In the United States in 2014, we take for granted a number of activities. We can go to any water fountain for a cool drink or go shopping in any store. We can enter any restaurant. If traveling, we can stay in any hotel we can afford. Prior to the passage of the Civil Rights Act of 1964, these simple activities were not so simple. Some caught drinking from the wrong water fountain could be arrested. Some who wanted a restaurant meal had to go to the kitchen or were not allowed to be served. And some had to sleep in their cars when hotels would not allow them entry.
Teaching with the Library of Congress is publishing a series of posts that look at different facets of the Civil Rights Act of 1964, each featuring primary sources that help students engage with different issues addressed by the Act. Today’s post focuses on Titles II – Injunctive Relief Against Discrimination in Places of Public Accommodation – and III – Desegregation of Public Facilities.
The first section of Title II simply states that all persons shall be entitled to the full and equal enjoyment of the goods, services, facilities, and privileges, advantages, and accommodations of any place of public accommodation, as defined in this section, without discrimination or segregation on the ground of race, color, religion, or national origin. Additional sections of the Title go into specific detail on the kinds of places that are included in first section, how people are to act and what the law can do if someone is not allowed to enter a place of public accommodation. Title III focuses on the desegregation of public facilities and focuses on what the Attorney General of the United States can do to insure the desegregation of public facilities.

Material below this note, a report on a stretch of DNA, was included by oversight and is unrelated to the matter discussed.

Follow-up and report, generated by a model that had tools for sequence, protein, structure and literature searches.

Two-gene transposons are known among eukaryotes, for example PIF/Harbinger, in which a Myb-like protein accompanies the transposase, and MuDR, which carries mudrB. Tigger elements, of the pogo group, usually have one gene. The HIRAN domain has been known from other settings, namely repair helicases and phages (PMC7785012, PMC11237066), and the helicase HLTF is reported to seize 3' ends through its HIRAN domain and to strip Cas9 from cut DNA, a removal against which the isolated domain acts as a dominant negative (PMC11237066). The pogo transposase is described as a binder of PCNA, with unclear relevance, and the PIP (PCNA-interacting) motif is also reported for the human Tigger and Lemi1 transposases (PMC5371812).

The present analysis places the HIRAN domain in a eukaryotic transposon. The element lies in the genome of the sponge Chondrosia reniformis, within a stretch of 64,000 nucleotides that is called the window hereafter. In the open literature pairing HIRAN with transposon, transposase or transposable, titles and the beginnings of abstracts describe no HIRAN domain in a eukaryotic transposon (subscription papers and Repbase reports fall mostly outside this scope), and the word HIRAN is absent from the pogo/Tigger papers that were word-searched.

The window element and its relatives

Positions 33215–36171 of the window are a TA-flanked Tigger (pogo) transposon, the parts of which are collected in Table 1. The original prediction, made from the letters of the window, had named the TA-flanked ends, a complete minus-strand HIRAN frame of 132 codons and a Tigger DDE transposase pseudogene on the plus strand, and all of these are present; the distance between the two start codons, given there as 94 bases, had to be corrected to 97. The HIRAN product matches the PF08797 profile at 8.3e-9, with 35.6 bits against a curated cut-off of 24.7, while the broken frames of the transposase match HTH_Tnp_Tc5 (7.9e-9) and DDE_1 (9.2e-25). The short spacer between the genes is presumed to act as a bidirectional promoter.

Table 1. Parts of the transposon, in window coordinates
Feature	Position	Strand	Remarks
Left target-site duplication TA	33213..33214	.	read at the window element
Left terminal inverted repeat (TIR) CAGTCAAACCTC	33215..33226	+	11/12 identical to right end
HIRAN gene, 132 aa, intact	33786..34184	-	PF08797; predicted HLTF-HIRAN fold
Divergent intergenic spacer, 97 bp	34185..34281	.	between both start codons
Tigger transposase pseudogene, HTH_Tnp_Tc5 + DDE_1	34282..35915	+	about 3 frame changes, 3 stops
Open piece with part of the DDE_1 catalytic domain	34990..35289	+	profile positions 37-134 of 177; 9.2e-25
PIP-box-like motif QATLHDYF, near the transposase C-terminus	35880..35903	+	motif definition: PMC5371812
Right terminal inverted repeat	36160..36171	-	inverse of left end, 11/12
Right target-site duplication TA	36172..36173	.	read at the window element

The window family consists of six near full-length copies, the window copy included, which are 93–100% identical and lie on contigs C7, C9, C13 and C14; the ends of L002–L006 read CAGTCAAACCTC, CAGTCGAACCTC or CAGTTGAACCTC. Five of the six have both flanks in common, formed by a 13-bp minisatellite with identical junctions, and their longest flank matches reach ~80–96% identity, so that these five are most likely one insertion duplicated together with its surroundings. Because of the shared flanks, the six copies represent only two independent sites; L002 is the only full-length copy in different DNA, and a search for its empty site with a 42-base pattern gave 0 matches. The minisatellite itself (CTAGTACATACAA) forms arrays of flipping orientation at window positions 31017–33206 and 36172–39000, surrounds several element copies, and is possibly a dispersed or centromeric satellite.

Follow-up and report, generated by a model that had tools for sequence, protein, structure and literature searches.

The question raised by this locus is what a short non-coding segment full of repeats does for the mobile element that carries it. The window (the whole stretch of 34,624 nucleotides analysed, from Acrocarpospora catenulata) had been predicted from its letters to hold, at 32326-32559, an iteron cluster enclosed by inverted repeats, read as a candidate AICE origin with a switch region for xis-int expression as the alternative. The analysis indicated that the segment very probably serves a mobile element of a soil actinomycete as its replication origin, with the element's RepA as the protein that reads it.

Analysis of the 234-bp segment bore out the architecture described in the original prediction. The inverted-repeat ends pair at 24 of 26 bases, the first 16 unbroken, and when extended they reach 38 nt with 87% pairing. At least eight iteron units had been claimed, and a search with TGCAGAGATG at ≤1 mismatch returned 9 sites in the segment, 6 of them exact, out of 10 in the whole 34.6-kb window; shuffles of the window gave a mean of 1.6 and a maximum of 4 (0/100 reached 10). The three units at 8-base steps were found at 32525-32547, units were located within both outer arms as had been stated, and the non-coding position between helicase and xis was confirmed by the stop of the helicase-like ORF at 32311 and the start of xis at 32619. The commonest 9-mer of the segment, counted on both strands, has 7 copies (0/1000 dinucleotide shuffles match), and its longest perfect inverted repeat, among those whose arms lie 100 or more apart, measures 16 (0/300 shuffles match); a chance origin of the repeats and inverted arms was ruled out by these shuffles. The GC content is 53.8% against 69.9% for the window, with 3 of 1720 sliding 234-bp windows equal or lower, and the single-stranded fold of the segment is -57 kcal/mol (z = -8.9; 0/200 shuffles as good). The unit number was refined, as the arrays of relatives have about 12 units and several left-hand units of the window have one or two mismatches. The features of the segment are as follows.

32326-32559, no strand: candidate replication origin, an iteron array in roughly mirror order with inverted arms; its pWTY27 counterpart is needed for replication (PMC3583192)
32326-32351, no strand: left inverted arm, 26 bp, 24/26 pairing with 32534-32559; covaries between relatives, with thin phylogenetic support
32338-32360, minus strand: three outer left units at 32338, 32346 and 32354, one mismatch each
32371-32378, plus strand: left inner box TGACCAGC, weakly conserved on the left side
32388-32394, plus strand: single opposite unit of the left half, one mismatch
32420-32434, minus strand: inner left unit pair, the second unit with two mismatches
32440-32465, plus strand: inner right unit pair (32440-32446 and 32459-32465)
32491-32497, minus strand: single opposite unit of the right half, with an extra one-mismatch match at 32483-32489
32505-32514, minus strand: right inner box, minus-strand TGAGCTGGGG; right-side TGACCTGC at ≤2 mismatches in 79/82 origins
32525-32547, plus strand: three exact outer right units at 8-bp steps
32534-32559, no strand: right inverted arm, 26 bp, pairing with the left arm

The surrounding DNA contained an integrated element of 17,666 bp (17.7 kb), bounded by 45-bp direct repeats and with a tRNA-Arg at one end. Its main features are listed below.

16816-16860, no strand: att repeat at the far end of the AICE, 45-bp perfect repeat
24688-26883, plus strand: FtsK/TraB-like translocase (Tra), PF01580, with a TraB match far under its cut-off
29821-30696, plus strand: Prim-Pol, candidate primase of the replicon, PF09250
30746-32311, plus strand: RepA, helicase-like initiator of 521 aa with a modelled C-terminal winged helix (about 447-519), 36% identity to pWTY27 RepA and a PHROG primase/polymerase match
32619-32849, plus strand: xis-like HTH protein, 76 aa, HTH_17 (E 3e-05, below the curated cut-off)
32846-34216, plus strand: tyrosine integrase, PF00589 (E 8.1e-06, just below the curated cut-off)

Explore with your students why Title II goes into such detail on the kinds of public accommodations covered by the Act. What would your students add to the list?
Review the collection of signs enforcing racial discrimination taken by staff of the Office of War Information. Students can compare images of similar places or facilities (such as water fountains) designated for “colored” and those designated for “white.” What differences do they see?
Invite your students to consider racial discrimination from multiple perspectives. They can write about how they would feel and what they would do if they were faced with one of these signs. They can also explore how they would feel and what they would do if they had to enforce the rules.
This series of blog posts is part of the Library of Congress commemoration of the 50th anniversary of the signing of the Civil Rights Act which is anchored by the web-based Civil Rights History Project and the exhibition, “The Civil Rights Act of 1964: A Long Struggle for Freedom”. The exhibition is made possible by a generous grant from Newman’s Own Foundation and with additional support from HISTORY®.